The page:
British artist and filmmaker, John Akomfrah creates his most ambitious piece to date – an immersive six-channel video installation addressing climate change, human communities and the wilderness. 📹 📺
At a time when, according to the UN, greenhouse gas emissions from human activities are at their highest levels in history, with people experiencing the significant impacts of climate change, including shifting weather patterns, rising sea level, and more extreme weather events, Akomfrah’s Purple brings a multitude of ideas into conversation. These include animal extinctions, the memory of ice, the plastic ocean and global warming. Akomfrah has combined hundreds of hours of archival footage with newly shot film and a hypnotic sound score to produce the video installation.
Sat – Wed 11am – 8pm
Thu and Fri 11am – 9pm
Barbican Centre, Silk Street, London EC2Y 8DS
TIME AND PLACE:
Bank Holidays: 12 noon–11pm
@ Barbican Centre, Silk Street, London EC2Y 8DS
Tickets: £14.50 book online
Our homes and personalities are intrinsically linked but nowhere more so than in Japanese architecture, where the needs of a building’s residents inform its very construction. The Japanese House welcomes you inside the Moriyama House (2005), designed in Tokyo by Ryue Nishizawa (SANAA) and inhabited by Yasuo Moriyama, an enigmatic urban hermit.
Lose track of time weaving in and out of the house’s ten individual, fully-furnished rooms and maze-like gardens. Rabbit chairs, sliding libraries and an ‘outdoor’ cinema are just some of the details that make up Moriyama’s unusual domestic environment.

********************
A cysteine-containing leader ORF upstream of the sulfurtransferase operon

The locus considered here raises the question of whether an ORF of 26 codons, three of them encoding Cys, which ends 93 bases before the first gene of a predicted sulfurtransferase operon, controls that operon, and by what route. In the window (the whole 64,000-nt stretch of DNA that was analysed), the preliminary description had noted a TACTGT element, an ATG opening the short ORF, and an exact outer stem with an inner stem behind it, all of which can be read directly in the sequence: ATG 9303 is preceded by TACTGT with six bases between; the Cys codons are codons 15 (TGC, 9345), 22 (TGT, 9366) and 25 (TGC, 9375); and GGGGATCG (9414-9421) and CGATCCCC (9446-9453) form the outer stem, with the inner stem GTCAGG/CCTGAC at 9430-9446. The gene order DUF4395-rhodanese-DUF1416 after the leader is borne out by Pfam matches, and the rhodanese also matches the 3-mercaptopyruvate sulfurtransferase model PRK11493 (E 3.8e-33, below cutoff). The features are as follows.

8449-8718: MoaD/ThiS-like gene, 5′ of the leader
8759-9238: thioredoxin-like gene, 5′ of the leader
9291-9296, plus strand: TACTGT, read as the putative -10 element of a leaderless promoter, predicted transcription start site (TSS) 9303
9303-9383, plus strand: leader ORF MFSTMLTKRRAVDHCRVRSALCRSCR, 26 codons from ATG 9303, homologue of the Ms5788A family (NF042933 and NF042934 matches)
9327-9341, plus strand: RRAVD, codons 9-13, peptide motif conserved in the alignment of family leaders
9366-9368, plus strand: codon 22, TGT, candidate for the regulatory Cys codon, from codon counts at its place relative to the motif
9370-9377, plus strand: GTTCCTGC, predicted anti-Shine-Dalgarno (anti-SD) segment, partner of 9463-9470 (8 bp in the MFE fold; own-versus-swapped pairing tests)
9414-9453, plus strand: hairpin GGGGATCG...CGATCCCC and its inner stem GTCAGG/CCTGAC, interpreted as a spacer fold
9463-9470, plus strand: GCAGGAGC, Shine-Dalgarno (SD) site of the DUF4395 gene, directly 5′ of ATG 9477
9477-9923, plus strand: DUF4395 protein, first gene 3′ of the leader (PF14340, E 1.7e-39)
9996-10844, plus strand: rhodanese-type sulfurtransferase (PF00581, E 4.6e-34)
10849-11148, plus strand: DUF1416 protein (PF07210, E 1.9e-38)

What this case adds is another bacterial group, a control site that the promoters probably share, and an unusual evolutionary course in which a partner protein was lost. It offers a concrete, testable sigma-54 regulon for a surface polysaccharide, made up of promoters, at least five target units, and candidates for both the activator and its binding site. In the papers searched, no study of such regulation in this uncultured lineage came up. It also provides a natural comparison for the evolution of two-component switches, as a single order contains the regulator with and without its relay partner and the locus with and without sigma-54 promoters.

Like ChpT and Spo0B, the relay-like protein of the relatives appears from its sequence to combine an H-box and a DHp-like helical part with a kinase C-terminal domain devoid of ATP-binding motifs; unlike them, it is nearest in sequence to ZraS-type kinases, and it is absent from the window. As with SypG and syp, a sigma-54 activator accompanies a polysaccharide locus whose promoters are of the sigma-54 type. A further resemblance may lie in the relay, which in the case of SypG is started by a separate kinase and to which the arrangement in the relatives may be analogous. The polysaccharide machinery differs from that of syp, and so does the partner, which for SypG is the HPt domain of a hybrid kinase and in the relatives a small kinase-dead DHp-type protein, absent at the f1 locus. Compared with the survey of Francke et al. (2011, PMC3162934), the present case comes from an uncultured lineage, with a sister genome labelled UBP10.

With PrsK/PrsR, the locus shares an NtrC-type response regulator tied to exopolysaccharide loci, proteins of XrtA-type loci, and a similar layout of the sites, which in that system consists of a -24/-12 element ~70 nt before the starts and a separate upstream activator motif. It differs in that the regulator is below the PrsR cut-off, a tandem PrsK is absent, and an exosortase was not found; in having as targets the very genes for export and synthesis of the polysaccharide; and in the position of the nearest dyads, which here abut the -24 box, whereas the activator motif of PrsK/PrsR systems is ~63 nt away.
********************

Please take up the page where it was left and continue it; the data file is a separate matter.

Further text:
As well as the full-size recreation of the Moriyama House, the exhibition also features a fantastical and lovingly crafted Japanese teahouse and garden designed by Terunobu Fujimori, featuring traditional Japanese tea ceremonies throughout the exhibition run. Come and watch day turn to night in the gallery space as part of this full sensory experience.
The Japanese House is the centrepiece of the UK’s first major exhibition exploring Japanese domestic architecture from the end of the Second World War, a period which has consistently produced some of the most influential and ground-breaking examples of modern and contemporary design.
In the wake of the war, the widespread devastation of Tokyo and other Japanese cities brought an urgent need for new housing, and the single family house became the foremost site for architectural experimentation and debate. Since then, Japanese architects have used their designs to propose radical critiques of society and innovative solutions to changing lifestyles.